Forbidden Wine: Tide detergent now comes in a dispenser box

Tanya Chen and Katie Notopoulos asked Tide about the "delicious laundry wine" that teens won't be drinking.

When asked if P&G was aware of the dark futility of the internet, and if they had any concerns, the spokesperson provided BuzzFeed News with the following statement:

"We all know laundry detergent is for cleaning clothes. To be sure people know this is detergent, we put a large picture of our Tide bottle on the side of the box. Whether your Tide comes in a box or a bottle, it should be stored up and away, out of the reach of children."

It's funny, and I will be buying one and reviewing the '18 vintage, but after the whole "eating Tide pods" imbroglio it's hard to avoid the suspicion that this can't be an accident. There's an entire marketing discplipline devoted to avoiding semiotic shelf disasters -- avoiding the packaging formats, colors and type design associated with edible goods -- and this blithely handwaves through a third of it. Read the rest

Let's deconstruct Nixon's "Resignation Lunch," shall we?

(Photo: Robert Knudsen/Nixon Library. All rights reserved.)

"I want to know exact details, hard information about everything!" J.G. Ballard told an interviewer, in the pre-Internet year of 1982. Read the rest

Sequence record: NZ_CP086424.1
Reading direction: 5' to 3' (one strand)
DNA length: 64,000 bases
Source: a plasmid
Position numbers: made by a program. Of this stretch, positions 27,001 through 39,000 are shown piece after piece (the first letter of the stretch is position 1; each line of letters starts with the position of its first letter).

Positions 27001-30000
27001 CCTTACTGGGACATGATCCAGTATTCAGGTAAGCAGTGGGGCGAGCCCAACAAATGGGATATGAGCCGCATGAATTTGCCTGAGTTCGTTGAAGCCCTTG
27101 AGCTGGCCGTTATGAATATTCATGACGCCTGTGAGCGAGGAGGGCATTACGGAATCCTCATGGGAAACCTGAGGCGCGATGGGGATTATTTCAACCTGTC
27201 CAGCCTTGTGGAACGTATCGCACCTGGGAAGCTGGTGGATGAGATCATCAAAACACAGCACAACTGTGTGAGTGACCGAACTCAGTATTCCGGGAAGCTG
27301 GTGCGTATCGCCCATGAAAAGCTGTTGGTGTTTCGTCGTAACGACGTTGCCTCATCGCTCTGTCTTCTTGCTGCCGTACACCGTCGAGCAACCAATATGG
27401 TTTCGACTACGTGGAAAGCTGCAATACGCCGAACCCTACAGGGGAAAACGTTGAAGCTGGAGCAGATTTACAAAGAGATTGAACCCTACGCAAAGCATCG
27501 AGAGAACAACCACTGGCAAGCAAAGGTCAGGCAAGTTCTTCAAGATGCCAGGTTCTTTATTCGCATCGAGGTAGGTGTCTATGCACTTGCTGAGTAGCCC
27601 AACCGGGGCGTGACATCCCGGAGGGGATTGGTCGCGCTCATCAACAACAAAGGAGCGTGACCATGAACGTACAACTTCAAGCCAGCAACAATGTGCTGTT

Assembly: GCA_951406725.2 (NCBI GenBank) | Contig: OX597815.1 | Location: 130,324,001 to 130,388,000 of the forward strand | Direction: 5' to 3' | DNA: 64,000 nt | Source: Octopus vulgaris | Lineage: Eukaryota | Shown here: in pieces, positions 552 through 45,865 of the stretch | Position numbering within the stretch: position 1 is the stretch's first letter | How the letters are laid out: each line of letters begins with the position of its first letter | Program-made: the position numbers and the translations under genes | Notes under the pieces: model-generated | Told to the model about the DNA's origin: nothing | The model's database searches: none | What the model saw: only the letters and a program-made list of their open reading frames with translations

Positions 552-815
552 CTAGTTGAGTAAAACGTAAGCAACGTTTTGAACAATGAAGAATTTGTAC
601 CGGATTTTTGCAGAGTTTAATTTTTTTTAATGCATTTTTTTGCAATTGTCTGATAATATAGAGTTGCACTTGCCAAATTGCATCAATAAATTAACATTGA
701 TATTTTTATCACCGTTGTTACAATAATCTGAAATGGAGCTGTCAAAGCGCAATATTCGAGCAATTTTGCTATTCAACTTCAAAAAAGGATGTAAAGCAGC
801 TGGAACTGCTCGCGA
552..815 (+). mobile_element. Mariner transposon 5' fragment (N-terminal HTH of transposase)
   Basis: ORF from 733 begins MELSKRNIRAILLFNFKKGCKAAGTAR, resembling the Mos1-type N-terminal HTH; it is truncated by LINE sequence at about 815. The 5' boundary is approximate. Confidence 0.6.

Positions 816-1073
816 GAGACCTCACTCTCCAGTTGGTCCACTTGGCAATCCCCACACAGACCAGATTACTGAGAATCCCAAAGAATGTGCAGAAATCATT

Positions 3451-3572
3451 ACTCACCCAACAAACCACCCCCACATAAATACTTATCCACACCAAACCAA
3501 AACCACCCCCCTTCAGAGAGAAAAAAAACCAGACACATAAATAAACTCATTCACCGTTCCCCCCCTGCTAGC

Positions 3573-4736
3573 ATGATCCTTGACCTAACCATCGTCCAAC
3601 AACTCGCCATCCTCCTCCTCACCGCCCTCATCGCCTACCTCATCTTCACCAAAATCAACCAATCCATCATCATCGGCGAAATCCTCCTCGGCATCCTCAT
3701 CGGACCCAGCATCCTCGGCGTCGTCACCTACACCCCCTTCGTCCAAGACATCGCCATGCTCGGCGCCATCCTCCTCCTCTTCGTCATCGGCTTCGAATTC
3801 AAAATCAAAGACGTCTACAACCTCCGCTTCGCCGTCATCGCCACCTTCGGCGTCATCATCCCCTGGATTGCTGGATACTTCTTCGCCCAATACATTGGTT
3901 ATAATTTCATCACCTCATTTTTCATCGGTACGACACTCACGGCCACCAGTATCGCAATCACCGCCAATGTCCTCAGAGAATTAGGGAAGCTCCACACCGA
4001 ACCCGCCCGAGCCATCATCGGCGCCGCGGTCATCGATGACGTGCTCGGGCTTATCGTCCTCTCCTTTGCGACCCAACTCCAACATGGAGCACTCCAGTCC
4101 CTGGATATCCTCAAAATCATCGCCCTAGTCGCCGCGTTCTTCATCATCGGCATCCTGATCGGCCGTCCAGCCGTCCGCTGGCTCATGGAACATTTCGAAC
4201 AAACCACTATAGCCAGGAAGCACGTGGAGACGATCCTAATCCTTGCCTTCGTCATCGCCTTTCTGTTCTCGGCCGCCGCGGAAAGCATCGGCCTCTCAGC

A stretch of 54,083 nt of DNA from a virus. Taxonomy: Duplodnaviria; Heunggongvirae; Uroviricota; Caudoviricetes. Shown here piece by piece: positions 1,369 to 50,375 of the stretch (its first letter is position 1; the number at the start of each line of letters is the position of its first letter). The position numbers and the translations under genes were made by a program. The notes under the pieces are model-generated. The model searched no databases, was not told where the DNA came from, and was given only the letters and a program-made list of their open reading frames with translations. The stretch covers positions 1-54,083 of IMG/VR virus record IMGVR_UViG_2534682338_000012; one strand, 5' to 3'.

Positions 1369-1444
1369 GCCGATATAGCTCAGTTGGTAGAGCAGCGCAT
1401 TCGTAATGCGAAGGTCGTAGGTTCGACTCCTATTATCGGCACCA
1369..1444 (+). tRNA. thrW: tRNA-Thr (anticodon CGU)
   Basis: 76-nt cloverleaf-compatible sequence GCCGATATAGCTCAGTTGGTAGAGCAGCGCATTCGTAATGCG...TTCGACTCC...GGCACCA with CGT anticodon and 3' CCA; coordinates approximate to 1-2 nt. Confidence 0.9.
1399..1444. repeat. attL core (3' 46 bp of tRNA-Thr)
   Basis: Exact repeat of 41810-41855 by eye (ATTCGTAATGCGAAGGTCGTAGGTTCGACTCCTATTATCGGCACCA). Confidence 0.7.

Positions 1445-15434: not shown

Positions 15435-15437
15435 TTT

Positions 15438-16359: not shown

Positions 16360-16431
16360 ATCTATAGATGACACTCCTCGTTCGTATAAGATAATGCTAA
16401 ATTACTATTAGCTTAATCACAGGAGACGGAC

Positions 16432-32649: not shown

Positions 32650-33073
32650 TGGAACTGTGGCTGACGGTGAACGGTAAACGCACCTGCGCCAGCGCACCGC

Alien semiotics keycaps for your mechanical keyboard

The typography and semiotics of Alien are fascinating, and now you can have them on your keyboard. The G20 Semiotic Keycap Set from Signature Plastics embodies almost all of Rob Cobb's design work for the movie, right down to the references to Hindu mysticism from the briefly-glimpsed self-destruction console keyboard. Read the rest

Futurististic computer screens are mostly blue

Chris Noessel and Nathan Shedroff demonstrated that in movies depicting computers in the future, the screens are mostly blue.

Some interesting exceptions: 1991's Terminator 2 made red popular, and the Matrix Trilogy made green the in thing for a while. But within a couple of years, we were back to blue. And it's been this way since the 60s.

I think that green usually signifies "old" computers, perhaps? The Matrix was clever in that way.

Forgive me if I'm mistaken, but I'm struck by the thought that the first and third Alien movies (which were British haunted house movies, sort of) used green screens, whereas the second one, Aliens (an American action movie) used blue. Google Images isn't entirely helpful.

Guardians of the Galaxy (above) appears, of course, to be both. Read the rest